For me, there were two standout scenes in this production: the first when Jacob Fortune-Lloyd as John Worthing explains the circumstances surrounding his birth and being found in a handbag in a cloakroom at Victoria Station.  Sophie Thompson’s deliverance of ‘in a handbag!’ is muttered faintly, but still conveys Lady Bracknell’s utter horror of the situation. My other favourite scene was the final denouement when John Worthing’s true parentage is revealed. By this point, the cast have achieved a wonderful degree of tension, and  – despite knowing the story well – I waited in eager anticipation for Miss Prism’s explanation of events.

I chuckled my way through the entire performance, and Mum and I agreed we’d had a brilliant evening. If you’re in the mood for an entertaining, lighthearted night out filled with sparkling wit, then I highly recommend adding The Importance of Being Earnest to your theatre list.

The Importance of Being Earnest is on until 20th October at the Vaudeville Theatre. Tickets may be booked here

London Culture | Kinky Boots Review, Adelphi Theatre

London Culture | Kinky Boots Review, Adelphi Theatre

Please note: I was given tickets to Kinky Boots in exchange for an honest review. All opinions expressed are my own.

If you’re looking for an entertaining way to kickstart a summer weekend, then a theatre outing to see the Tony Award-winning Kinky Boots at the Adelphi Theatre would most definitely tick the box. The theatre is blissfully air-conditioned (tick), the audience enthusiastic (tick) and the whole performance is charged with an energy, sparkle and sense of fun (tick) that guarantees a terrific start to a great night out.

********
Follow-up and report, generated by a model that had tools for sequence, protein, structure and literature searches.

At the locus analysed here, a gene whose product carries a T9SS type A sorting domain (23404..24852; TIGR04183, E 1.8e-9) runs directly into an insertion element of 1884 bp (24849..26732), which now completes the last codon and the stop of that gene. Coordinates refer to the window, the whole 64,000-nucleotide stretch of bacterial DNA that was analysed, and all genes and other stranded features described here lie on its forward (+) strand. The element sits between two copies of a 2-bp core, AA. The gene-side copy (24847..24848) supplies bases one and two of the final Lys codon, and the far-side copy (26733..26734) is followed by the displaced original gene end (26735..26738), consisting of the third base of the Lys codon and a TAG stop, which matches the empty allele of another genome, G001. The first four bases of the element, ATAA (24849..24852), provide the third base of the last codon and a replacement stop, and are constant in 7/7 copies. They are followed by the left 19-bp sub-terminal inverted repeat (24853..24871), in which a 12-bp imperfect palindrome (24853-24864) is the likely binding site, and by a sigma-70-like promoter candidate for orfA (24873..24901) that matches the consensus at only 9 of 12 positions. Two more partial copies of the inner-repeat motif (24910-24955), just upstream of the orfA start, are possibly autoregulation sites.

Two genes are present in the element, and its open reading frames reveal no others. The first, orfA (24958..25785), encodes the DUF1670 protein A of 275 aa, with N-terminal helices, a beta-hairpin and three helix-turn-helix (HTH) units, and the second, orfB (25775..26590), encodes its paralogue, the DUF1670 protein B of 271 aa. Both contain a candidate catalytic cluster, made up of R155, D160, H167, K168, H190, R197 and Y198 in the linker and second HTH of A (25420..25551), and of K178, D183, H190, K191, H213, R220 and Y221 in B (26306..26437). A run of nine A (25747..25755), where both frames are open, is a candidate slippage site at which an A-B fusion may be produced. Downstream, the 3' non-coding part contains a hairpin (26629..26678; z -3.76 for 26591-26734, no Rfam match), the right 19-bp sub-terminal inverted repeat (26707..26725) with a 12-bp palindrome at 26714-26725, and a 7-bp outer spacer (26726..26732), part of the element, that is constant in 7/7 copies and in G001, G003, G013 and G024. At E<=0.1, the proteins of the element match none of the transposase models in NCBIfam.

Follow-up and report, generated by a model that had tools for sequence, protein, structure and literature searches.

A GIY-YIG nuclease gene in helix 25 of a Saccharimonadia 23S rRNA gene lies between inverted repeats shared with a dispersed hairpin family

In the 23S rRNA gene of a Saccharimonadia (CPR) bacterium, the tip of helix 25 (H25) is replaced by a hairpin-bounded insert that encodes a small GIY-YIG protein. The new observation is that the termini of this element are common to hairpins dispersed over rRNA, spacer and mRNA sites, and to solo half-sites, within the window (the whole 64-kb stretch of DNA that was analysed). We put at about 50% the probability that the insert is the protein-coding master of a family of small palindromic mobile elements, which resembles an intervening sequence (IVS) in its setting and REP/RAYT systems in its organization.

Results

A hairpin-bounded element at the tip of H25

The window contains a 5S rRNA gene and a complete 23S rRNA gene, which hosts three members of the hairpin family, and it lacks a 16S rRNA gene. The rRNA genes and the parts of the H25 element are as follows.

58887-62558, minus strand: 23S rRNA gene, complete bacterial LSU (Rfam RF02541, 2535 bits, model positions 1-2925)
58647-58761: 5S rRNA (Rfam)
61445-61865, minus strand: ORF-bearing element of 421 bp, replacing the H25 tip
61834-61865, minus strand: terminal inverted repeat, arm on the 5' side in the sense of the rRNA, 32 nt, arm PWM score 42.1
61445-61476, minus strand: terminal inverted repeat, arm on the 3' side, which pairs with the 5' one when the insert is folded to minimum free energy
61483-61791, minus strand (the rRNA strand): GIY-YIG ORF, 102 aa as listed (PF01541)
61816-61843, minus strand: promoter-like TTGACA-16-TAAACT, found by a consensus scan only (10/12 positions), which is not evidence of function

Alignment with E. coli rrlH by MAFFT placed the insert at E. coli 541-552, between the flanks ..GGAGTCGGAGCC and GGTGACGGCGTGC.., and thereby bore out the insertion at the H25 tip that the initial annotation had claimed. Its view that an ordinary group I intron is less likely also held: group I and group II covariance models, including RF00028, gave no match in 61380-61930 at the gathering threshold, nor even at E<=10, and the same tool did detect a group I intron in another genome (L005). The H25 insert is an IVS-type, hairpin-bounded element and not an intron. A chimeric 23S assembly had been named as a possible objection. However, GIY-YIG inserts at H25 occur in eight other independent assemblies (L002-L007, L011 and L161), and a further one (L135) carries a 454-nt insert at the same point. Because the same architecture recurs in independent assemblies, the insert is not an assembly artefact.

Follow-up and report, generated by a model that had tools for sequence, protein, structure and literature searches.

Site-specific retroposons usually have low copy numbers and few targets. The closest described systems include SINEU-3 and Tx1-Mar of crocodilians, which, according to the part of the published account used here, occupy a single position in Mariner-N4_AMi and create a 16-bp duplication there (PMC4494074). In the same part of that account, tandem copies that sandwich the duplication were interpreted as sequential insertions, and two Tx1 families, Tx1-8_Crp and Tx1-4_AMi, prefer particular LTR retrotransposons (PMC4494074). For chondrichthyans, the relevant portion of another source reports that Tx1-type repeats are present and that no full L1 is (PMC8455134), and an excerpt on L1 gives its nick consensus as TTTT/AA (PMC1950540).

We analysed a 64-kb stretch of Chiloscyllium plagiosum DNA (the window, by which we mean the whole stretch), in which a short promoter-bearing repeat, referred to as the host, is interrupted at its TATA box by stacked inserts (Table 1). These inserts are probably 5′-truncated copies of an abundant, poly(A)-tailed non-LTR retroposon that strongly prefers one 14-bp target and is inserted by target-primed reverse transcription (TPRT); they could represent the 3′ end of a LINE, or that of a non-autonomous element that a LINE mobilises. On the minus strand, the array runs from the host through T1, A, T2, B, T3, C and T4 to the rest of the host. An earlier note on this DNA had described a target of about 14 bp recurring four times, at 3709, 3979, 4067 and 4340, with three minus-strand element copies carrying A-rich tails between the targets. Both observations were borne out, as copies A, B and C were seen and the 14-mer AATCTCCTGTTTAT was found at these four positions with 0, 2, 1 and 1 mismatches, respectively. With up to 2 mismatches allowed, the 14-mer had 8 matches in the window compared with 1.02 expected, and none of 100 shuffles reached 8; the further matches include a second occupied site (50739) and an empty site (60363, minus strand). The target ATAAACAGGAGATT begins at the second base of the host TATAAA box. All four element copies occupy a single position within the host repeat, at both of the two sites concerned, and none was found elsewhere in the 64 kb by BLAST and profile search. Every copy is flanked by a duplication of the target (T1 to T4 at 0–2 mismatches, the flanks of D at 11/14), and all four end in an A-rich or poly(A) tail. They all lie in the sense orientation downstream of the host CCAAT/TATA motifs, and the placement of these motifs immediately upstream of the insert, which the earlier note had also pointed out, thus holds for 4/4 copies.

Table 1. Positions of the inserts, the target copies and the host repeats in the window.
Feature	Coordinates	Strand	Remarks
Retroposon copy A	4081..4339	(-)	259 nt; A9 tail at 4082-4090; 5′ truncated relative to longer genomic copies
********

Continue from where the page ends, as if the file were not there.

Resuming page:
The original Kinky Boots film was released in 2005 and has gained a dedicated cult following. Inspired by a true story, Kinky Boots tells the story of Charlie Price, who inherits his father’s shoe factory in Northampton. Although successful for years, the family business is now floundering, and Charlie sees no way forward apart from closing up and selling, putting the workers he grew up with out of a job. He struggles with guilt and despair, until by chance he meets Lola, a drag queen with a problem: the high heels of regular women’s shoes cannot stand up to the weight of a man and keep snapping. Charlie decides to take a chance and cater to the niche transvestite market, developing dazzling (but sturdy!) boots inspired by Lola’s designs. How Charlie and the people of Northampton rise up to the challenge, not only of creating the boots, but also of accepting others for who they truly are, makes for a feel-good, inspiring story.

London Culture | Kinky Boots Review, Adelphi TheatreKinky Boots, Adelphi Theatre. Image source.